The study of the physiology and pathology of the cardiovascular system, especially the heart.

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Why does a pacemaker have a negative pulse? [closed]

Why is the first phase of the pulse from a pacemaker cathodic?
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45 views

Can Omega 3 Fatty Acids prevent chest pain in periodic Atrial Fibrillation?

It is debated if omega-3 polyunsaturated fatty acids (N3PUFa) may be effective in preventing AF (atrial fibrillation), meta-analysis here. However, much less has been considered this: Do N3-PUFAs ...
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21 views

Any databases with AAMI ECG and ECHO?

There is no AAMI 12-lead ECG databases available online. All of them have problems. I and my friends finally finalised our tests with St Petersburg. It is not AAMI. So the next step is to search ...
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2answers
143 views

What is the name of the condition where no pacemaker cells are active in the heart for a short-time?

Assume that the heart is beating, but no pacemaker cells are working for at least 15 seconds. This would be a very long compensatory pause if extrasystole started it. There may be some low frequent ...
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1answer
42 views

Cardiac Excitation Threshold - in C++ modelling [closed]

So I am trying to write a code in C++ about the cardiac excitation threshold. I know that this excitation threshold is the shortest stimulus2 value at which it can conduct an action potential (known ...
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25 views

Recovering Coma patient with theoretical full knowledge of heart function

In coma, there is the medullary depression (stage of agony). Spontaneous respiration and circulation cease i.e. vasomotor center. There is no full circulatory and respiratory support. Assume you ...
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3answers
174 views

To get Standard ECG from PhysioNet?

I am trying to get standard ECG by using PhysioNet's ATM with parameters but I get It should be something like How can you get complete standard 12-lead ECG out of Physionet database?
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2answers
2k views

Why shouldn't you defibrillate a flat line (asystole)?

In most popular medical dramas, when a patient is in cardiac arrest and has a flatline the doctors use a defibrillator to 'shock their heart into rhythm'. I know that actually, the proper protocol is ...
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1answer
3k views

What is the ratio of breathing rate to heart rate?

Breathing rate and heart rate are directly connected. This is because the heart is connected to the lungs via the pulmonary artery. I first thought that breathing rate would be half of the heart rate ...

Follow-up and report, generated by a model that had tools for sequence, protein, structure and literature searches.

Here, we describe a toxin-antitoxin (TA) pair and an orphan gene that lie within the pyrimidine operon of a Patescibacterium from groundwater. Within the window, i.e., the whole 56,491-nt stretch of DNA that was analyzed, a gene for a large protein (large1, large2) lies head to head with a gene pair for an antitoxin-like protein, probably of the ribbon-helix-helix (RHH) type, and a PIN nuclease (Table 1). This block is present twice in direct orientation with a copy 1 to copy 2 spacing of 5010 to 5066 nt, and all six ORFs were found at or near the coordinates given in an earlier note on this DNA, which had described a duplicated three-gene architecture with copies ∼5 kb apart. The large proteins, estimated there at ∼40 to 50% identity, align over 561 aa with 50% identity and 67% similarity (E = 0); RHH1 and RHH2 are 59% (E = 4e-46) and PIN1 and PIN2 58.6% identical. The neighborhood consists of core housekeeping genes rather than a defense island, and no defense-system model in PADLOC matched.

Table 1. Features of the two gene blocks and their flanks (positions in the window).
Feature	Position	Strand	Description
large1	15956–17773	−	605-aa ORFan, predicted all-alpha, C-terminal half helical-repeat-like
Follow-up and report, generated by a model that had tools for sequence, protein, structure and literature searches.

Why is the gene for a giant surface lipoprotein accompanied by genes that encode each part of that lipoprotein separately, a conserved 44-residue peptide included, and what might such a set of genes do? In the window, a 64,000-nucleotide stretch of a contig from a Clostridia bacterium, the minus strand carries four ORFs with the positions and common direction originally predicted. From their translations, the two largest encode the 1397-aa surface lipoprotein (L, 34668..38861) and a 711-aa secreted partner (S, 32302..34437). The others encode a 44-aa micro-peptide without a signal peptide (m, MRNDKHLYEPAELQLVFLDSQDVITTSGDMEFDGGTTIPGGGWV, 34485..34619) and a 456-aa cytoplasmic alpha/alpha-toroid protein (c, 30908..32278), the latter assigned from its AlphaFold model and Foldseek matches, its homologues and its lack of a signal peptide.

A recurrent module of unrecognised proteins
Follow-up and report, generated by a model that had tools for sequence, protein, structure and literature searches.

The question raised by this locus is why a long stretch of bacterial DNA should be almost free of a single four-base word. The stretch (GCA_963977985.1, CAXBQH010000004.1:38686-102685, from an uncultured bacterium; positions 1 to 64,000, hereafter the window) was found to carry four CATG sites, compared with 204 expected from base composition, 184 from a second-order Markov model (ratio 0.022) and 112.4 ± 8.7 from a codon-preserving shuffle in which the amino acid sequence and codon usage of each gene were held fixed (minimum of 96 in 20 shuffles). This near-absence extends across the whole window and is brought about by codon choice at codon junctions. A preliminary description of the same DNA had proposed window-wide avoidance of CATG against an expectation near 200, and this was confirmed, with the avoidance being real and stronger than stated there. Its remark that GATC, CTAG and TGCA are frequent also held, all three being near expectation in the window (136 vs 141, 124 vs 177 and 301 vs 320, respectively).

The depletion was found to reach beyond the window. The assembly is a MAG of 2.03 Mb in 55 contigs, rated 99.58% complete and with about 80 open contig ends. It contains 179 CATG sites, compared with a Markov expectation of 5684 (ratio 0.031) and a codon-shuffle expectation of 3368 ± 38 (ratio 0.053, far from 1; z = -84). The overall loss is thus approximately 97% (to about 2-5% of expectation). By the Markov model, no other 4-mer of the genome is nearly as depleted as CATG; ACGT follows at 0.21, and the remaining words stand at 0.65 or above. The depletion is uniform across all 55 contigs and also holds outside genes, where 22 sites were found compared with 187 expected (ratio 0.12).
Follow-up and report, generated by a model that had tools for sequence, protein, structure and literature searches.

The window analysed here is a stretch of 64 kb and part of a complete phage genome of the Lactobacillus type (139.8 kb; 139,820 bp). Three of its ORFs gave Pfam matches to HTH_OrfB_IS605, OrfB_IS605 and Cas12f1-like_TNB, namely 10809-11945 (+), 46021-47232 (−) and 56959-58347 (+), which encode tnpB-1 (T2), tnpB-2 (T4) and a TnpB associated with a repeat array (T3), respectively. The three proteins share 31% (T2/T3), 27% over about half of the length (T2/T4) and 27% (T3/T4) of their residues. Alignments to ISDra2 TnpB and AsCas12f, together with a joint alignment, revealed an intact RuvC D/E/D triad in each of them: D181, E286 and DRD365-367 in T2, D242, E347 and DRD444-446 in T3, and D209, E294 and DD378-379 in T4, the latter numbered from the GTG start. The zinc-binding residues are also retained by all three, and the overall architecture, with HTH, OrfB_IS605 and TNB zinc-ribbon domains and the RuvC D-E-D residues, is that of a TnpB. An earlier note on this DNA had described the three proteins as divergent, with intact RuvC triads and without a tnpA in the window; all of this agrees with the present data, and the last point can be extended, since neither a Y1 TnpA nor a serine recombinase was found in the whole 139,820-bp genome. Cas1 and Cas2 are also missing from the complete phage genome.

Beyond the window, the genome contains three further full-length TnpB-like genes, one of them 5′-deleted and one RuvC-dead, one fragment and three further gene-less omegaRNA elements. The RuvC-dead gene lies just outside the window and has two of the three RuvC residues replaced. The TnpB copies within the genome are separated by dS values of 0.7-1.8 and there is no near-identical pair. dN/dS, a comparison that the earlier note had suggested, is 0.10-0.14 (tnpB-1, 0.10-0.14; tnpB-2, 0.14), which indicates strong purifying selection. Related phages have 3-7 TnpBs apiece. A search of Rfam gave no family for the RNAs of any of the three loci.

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1k views

Is there any relationship between heartbeat rate and life span of an animal?

Is there any relationship between heartbeat rate and life span of an animal? Do they belong to a cause-and-effect relationship or are they both caused by some phenomenons or a common cause?
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336 views

How does strength of a pulse related to EKG(ECG)?

There are variabilities in the heart rate as well as strength of heartbeats. I want to know if one can predict which heartbeat will be strong or weak based on the corresponding EKG/ECG signal. I am ...
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1answer
48 views

What are the benefits of statins in terms of prolonging life?

Recently the UK government suggested that all adults over the age of 50, without exception, would benefit from taking statins. I have an elderly female relative who may, or may not have had a minor ...
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59 views

How to measure Na/K channel activation at the membrane level?

Assume that there are two different signals occurring on the ECG - during depolarization and repolarization in the standard ECG. I was advised not to use the standard ECG in measuring the exact ...
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1answer
123 views

Can you measure ECG from a single location?

I want to make a DIY bracelet to measure my ECG. All I need is the interbeat interval. Can I design a bracelet on one arm only, with two electrodes slightly spaced from one another, and figure out ...
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54 views

How is Calcium regulated in myocardic AP and plateau phase?

The plateau phase is maintained by influx of calcium and outflux of potassium in the second stage: My conjecture is that calcium transforms between two phases ionated phase (free calcium from i/c ...
2
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1answer
82 views

Fast standing and the heart's insufficient accommodation of the increased venous return

Assume you are 45 minutes on the supine position. Furthermore: you stand all of a sudden and fast and without sympaticus activity. The venous return (smooth musculature of vessels) accommodates ...
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3answers
777 views

What does irregular heartbeat mean in simple language?